Even in the self-reflexive theatre of Walsh, there’s something fresh in layering the play with metaphors for life and death. Like Murphy’s childishly drawn map of Ballyturk, plays are also bound by limits, strict and quantifiable, while seeking to describe something much greater. Ballyturk is dark and giddily disturbing, not because it constructs a place, or a prison, but because it is provides a springboard, propelling us into the unknown.

Until Jul 27, then tours to Olympia Theatre, Dublin Aug 7-23, Cork Opera House, Aug 26-30 and the National Theatre, London Sep 11-Oct 11

Written by Peter Crawley in The Irish Times 15.07.14

Review – Irish Examiner


Boasting stellar performances from Cillian Murphy, Stephen Rea and Mikel Murfi, Enda Walsh’s new play, Ballyturk, which he also directs, is another fine collaboration with Landmark Productions and Galway Arts Festival, with whom he enjoyed success with Misterman in 2012.

The play revisits familiar Walsh terrain: characters stave off trauma and isolation through the dynamic power of words. In Ballyturk, two nameless brothers (Murphy and Murfi), confined mysteriously to a small room, take solace in inventing a mundane Irish village. They act out the lives of the fictional town’s inhabitants. Yet Murphy’s melancholic character is haunted by a sense of the world outside.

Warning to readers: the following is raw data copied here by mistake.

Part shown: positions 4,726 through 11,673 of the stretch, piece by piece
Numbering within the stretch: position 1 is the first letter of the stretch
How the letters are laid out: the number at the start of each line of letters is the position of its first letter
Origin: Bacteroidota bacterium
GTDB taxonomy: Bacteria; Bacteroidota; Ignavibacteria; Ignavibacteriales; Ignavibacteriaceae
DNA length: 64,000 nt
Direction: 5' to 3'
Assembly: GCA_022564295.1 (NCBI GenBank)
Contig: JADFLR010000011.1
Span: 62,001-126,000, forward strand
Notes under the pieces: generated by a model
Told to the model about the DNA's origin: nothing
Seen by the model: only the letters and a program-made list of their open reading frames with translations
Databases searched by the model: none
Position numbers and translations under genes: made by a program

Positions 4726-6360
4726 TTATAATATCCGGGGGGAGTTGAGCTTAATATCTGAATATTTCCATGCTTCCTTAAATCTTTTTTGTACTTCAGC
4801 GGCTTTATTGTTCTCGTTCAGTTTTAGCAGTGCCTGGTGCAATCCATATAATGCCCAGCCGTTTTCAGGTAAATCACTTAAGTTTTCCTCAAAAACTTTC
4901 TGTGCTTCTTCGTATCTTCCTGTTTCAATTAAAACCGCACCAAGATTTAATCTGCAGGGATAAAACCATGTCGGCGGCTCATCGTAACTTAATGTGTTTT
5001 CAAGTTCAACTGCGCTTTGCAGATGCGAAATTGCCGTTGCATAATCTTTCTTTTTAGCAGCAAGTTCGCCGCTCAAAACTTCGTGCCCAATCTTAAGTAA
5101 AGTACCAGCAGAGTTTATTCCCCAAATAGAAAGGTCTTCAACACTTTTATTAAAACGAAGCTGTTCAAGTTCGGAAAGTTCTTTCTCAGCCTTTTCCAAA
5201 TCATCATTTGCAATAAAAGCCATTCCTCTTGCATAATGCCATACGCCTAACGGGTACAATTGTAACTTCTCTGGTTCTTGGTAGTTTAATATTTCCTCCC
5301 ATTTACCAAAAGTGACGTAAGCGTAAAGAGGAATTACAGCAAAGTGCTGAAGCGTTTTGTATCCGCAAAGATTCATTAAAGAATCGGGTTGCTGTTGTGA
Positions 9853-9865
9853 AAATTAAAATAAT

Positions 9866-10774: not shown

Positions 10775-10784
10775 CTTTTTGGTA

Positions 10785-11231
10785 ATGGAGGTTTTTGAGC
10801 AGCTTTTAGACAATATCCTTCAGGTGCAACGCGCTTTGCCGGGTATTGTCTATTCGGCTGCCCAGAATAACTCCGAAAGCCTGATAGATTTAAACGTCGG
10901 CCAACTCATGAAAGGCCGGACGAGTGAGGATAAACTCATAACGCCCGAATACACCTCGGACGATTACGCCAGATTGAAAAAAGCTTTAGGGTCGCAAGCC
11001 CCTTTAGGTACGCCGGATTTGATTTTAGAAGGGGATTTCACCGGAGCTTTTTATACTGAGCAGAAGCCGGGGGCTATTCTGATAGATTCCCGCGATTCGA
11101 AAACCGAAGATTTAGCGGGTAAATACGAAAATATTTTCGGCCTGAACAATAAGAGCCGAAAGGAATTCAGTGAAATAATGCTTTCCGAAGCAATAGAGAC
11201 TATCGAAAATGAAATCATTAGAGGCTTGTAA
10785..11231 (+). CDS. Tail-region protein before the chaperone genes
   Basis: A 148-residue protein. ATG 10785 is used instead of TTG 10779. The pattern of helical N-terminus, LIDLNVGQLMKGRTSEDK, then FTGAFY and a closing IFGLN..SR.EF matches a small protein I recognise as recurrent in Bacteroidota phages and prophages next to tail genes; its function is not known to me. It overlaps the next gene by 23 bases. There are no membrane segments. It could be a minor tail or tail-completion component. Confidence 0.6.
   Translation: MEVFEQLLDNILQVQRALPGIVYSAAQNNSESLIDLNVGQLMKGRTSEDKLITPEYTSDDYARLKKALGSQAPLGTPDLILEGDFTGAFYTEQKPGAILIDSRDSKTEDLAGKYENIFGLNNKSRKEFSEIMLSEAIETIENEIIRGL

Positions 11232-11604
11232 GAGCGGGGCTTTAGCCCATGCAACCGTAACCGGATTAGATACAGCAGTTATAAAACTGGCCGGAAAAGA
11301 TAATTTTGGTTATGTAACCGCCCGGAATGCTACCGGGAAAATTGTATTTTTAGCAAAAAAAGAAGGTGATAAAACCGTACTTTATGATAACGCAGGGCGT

When Rea’s character suddenly — and brilliantly — enters the fold, a way out emerges. But it’s not the freedom for which Murphy’s nervy soul has longed.

As ever with Walsh, Ballyturk is easy on the ears. Where Samuel Beckett’s gift was to pare away ruthlessly at language, Walsh conjures a Beckettian world but, by contrast, pumps it with linguistic poesy. These impeccable actors feast on the mighty spiel. But it’s not just Walsh’s dialogue that hits the spot. There is a riotous, rococo energy to the visuals and the sound design: for example, when Murphy launches high-heel shoes into the air, or Rea breaks into crooner mode. It’s delirious and captivating.

But the play stumbles thematically. Walsh has long been querying the way people construct their worlds, but the blend of pathos and enigma here — enticing as it is — is too portentous, without ever having much to say. Nevertheless, this is thrilling theatre, visceral and cerebral, hilarious and sad. And its bold, ominous final scene will live long in the memory.

Written by Padraic Killeen in the Irish Examiner 16.07.14

Review – The Galway Advertiser

“BEAUTIFUL, HILARIOUS, dark as death.” So tweeted actress Olwen Fouéré after seeing the opening of Enda Walsh’s new play Ballyturk, which got the Galway International Arts Festival off to a flying start at the Black Box yesterday evening.